For those of my readers unfamiliar with 19th century German culture, the title of this blog post is a play-on-words on Ragnarok, a concept from Norse mythology describing the end of the world.
Those of us who are fans of The Music have been for a time, but are now even more, immersed in this End Times eschatology. The recent announcement that the up-and-coming Rolling Stones tour had been postponed underlined this.
My take on my generation for years has been that, when the lead item on the TV news is that Mick Jagger is on life support, you can stick a fork in us — we are toast.
Well, a couple weeks ago, we were informed that the Stones’ next tour was indefinitely delayed because the Mickster was indisposed. This week, I learned on satrad that it was not just a virus — Mr. Jagger had had heart-valve surgery, and was recuperating.
(This was a surprising development, because Mick has historically been one of the rock and roll icons who — if he didn’t actually tick every one of the take-care-of-yourself boxes — at least went through the motions: he worked out, kick-boxed, etc., to keep himself in shape. Sorry, Baby Boomers: They can implant those pig [or whatever] valves, but the handwriting is still on the wall.)
Although it could have been, had things gone wrong with Jagger’s surgery, the Stones’ postponed tour wasn’t billed as their farewell concert series. But the gathering gloom of this Twilight of the Rock Gods nevertheless proceeds apace, as a number of major acts started farewell tours last year and/or are currently working them.
Joan Baez, Elton John, Ozzy Osbourne, Bob Seger, Lynyrd Skynyrd and Paul Simon were among those for whom the beginning of the end began during 2018; KISS joined the un-party early this year. Not that these folks are going away anytime really soon — some of these are multi-year tours, and some don’t have end dates
Baez is 77, and is hanging it up for good reason: she’s losing her voice. Simon says he isn’t, but he’s also three years from the Big Eight-Oh. Sir Reginald has teenage kids, and Seger had spinal surgery two years ago. But the others, and even some of these, should have asterisks next to the farewell.
Elton John is a repeat offender, having done a farewell tour more than 40 years ago. Also, the man who says he wants to spend more time with his kids is less than a third of the way into a three-year series during which he will average 100 concerts a year.
Ozzy’s been there before, too, as the name of his current concert series, No More Tours 2, underlines. And after his first No More Tours tour, in 1992, he also did a Retirement Sucks swing three years later.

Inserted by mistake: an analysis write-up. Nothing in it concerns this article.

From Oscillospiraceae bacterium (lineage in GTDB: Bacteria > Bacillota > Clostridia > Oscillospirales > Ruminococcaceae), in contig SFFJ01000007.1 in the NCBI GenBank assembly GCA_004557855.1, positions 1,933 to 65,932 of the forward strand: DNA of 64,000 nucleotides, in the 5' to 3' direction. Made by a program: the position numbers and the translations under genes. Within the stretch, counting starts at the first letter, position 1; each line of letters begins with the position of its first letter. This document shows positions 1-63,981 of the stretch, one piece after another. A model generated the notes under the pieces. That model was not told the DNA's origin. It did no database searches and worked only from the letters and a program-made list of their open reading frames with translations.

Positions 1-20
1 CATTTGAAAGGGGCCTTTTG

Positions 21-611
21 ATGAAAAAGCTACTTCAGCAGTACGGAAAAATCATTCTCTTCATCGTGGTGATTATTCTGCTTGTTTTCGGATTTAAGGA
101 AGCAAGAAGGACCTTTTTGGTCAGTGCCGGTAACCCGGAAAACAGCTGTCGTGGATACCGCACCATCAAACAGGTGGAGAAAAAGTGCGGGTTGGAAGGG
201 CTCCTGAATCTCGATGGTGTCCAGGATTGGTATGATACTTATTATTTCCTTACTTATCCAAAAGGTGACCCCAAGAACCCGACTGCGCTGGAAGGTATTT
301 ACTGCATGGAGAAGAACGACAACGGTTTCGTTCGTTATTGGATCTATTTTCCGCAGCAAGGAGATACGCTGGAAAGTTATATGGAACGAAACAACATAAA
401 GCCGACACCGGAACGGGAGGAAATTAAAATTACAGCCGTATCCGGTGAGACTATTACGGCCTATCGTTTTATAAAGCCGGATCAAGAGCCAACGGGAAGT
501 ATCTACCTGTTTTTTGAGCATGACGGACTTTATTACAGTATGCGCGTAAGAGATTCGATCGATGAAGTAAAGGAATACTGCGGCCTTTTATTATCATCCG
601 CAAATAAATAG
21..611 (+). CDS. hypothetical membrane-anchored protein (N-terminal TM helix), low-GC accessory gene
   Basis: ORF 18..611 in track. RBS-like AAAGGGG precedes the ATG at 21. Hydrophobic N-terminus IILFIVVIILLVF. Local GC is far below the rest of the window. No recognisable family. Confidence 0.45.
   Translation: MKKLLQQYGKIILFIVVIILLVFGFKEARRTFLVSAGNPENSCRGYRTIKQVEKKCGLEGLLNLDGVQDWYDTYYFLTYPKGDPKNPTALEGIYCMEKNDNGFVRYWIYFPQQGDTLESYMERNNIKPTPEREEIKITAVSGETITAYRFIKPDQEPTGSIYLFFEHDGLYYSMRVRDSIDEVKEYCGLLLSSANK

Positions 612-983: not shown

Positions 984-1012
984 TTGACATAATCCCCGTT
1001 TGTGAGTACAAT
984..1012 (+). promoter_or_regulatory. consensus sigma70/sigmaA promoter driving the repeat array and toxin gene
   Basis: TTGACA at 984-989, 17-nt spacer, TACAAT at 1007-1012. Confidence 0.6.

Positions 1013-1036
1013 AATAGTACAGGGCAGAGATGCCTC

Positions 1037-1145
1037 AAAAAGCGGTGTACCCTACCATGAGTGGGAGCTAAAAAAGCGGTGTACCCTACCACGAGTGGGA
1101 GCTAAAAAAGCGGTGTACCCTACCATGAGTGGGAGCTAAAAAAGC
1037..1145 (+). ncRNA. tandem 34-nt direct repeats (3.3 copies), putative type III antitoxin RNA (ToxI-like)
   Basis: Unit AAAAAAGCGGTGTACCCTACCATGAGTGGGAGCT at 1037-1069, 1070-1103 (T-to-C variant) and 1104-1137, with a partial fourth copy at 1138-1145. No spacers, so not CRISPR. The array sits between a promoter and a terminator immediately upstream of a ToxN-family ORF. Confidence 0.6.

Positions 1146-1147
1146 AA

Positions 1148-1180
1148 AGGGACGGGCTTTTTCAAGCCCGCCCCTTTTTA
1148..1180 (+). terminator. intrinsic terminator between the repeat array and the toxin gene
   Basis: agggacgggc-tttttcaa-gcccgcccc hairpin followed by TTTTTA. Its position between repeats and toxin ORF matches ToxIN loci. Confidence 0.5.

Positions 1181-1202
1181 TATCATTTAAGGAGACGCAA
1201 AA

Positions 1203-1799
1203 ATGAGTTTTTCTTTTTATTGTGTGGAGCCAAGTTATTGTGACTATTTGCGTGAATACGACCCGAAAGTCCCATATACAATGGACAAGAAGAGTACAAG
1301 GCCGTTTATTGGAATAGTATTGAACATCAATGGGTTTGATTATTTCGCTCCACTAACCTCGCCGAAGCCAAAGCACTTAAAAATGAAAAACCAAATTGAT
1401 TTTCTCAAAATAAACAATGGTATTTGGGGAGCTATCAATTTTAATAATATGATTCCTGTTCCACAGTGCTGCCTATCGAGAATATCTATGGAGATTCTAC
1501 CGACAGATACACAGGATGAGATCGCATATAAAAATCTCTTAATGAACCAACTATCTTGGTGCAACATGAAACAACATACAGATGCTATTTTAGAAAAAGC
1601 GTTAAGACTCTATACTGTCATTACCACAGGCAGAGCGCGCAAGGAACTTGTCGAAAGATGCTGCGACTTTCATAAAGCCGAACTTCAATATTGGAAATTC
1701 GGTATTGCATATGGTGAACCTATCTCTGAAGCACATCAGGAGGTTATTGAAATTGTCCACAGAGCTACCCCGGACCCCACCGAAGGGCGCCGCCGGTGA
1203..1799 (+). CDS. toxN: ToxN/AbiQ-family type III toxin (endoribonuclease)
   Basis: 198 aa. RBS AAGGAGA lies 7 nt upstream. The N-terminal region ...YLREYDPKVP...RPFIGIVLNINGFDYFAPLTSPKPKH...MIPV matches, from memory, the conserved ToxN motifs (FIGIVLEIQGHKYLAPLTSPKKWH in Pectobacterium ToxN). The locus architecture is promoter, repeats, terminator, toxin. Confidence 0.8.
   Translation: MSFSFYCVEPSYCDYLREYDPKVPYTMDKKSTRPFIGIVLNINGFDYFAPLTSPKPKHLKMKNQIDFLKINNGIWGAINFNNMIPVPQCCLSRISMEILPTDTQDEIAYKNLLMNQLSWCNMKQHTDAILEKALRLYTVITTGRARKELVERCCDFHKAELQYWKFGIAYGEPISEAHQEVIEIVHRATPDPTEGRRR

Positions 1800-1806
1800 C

Seger is already adding tour dates to the back end of his series. Skynyrd reunited 10 years after the 1977 plane crash that killed three members of the original band, but only one of the survivors is still in the act.
(The Grim Reaper, or one of his advance agents, has taken out some other artists before they could do the farewell thing. Tom Petty got to do a 40th-anniversary tour, actually, before having a coronary. Neil Diamond cancelled a 50th-anniversary tour and retired early last year after he had been diagnosed, like Linda Ronstadt several years earlier, with Parkinsonism.)
I have mixed feelings about these farewell tours. Have never been a fan of the KISS — which is also on its second final swing — so it’s a “Don’t let the screen door hit your Spandex-encased butt” kiss-off to that act. Ditto for Ozzy; didn’t like Black Sabbath much, so have little desire to see their lead-singer-turned-Reality TV-star live.
I like Seger, and could have seen him in Milwaukee early this year, but he wasn’t enough of a Bucket List Item to warrant the high ticket price. Elton will be in the Beer Capitol of the World this fall, and I’m sure he won’t be a cheap date, either. Simon’s farewell said farewell last July; Baez’s American dates are just about done, and those remaining are in New York.
Like the length of the tours, the ticket prices for these farewell concerts inspire a bit of cynicism. As others have observed, billing a concert series as the final tour can boost ticket sales and raise prices; for example, the gross receipts for the first shows of John’s farewell tour were more than 50 percent higher than those of his 2016 series.
Part of this is the result of the demand created by fans’ desire to see their favorites one last time, which is understandable. It is also the reason that what I call the Geezer Circuit thrives, although those acts seem to perform mostly at casinos.
I boycott such shows on principle, even though there are a few that I would like to see. But some of these oldies acts are even less actual than the current Skynyrd. For example, Three Dog Night, which was mostly about the three lead vocalists, played dates this spring in Minnesota and Wisconsin; of Danny Hutton, Chuck Negron and Cory Wells, only Hutton still performs with the group.
As I admitted in my favorite concerts posts of a few months back, I’m not a frequent concert-goer, so the forward trend in farewell tours affects me less than some fans of The Music. What’s more troublesome to me about this Twilight of the Gods is the number of artists who are passing, and what that says about my generation.